Booking profits or losses from buying to close a short position or selling to close a long position is pretty straightforward, but how is it treated when you exercise an option or if you get assigned? Options can be complicated but add tax treatment to it, and you wind up with one complex cocktail. That's why we've broken it down below.
- Review of exercise and assignment of puts and calls
- Assignments from short options
- Exercising long options
- Rolling Trades
Tax Treatment for Exercise, Assignments, and Rolling Trades
Before we get started, let's do a refresher and review the differences between a call or put assignment versus an exercise.
Review of exercise and assignment of puts and calls
The resulting position from an assignment and exercise differs from calls and puts. Remember, assignment is the term to use when you are short an option. Exercise is the term to use when you are long an option.
|Short stock||Long stock||Long stock||Short stock|
Assignments from short options
Your cost basis or proceeds are affected based on your position type. Any commissions or fees from the original trade and assignment fees will also factor in your overall p/l. The cells shaded yellow are affected by an assignment when you are assigned.
|Long stock called away (covered call)^||Original purchase price of the stock||Assigned strike price + premium received|
|Short stock put to cover (covered put)||Assigned strike price + premium received||The original short sale price of the stock|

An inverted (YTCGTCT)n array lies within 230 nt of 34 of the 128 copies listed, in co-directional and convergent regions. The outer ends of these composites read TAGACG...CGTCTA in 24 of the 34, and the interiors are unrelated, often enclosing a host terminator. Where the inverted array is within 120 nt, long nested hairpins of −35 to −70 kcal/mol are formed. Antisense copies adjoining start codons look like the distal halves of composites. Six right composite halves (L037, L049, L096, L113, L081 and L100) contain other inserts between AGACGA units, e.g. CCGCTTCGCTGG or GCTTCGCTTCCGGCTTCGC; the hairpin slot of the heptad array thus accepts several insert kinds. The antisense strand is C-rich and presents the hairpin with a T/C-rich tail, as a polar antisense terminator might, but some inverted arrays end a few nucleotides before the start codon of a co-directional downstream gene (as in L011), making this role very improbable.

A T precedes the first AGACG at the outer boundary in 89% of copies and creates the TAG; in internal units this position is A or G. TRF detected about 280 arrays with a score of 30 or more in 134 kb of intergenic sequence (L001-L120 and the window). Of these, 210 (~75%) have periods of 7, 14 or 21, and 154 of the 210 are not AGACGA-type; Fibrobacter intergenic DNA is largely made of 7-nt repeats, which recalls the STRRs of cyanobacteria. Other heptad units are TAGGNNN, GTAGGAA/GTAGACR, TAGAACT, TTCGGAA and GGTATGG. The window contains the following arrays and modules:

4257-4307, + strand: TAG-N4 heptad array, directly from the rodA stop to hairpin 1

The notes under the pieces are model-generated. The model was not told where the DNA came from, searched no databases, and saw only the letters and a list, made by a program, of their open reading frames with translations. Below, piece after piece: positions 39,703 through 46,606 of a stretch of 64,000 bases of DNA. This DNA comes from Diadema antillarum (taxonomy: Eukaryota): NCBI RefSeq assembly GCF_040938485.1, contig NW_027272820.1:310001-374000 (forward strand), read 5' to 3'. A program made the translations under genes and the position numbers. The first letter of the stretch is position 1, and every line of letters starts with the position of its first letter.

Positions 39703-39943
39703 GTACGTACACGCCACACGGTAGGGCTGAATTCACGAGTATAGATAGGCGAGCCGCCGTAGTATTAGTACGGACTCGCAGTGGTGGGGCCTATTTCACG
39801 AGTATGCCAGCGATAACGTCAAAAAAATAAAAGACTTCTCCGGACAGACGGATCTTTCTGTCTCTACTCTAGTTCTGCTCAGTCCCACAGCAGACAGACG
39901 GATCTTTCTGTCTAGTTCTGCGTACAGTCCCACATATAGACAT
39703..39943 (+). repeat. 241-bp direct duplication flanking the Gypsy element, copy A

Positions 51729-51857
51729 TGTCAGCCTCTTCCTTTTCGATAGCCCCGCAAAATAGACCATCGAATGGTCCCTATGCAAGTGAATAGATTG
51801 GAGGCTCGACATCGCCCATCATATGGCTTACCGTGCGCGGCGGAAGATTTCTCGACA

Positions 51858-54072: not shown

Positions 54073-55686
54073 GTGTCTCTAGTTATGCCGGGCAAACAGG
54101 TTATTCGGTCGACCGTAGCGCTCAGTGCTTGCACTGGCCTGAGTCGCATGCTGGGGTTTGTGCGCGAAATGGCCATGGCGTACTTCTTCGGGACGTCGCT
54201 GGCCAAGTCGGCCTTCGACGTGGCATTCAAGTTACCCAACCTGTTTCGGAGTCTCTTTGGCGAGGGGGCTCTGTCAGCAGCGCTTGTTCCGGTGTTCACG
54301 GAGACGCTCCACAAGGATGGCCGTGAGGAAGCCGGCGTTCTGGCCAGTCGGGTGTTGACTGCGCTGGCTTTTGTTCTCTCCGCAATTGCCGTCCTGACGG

|Uncovered/Naked call||Total debit paid to close short shares||The total premium received + total proceeds from the short stock sale|
|Uncovered/Naked put^||The total premium received - the cost of the assigned stock. The holding period starts the day the counterparty exercised the option.||Total proceeds from closing long shares.|
Exercising long options
Like an assignment, your cost basis or proceeds are affected based on your position type. Any commissions or fees from the original trade and assignment fees will also factor in your overall p/l.Cells shaded yellow are affected by an exercise.
|Short stock covered (covered call)||Exercise strike price + premium paid||The original short sale of the stock|
|Long stock put to cover (covered put)^||Original purchase price of the stock||Exercise strike price - premium paid|
|Long call^||Premium paid + cost of the stock. The holding period starts on the day the counterparty exercised the option.||Total proceeds from closing long shares.|
|Long put||Total debit paid to close short shares||Proceeds from the short stock sale - premium paid|
Rolls, on the other hand, are a bit different. Even though you may not have closed out of your rolled position, you realize a gain or loss each time you roll. A rolling trade consists of closing a position and realizing a profit or loss, then opening a new position in its place. When you roll a short premium or long premium position, the closing portion of the roll would be a realized loss or profit, which is a taxable event. Even though the position is not closed in your eyes, rolls, by definition, are a taxable event.
Your overall realized profit from a short premium position will only occur if you cover it for less than the total credits received. Conversely, long premium trades can only be realized as an overall profit if sold for more than the total debit paid.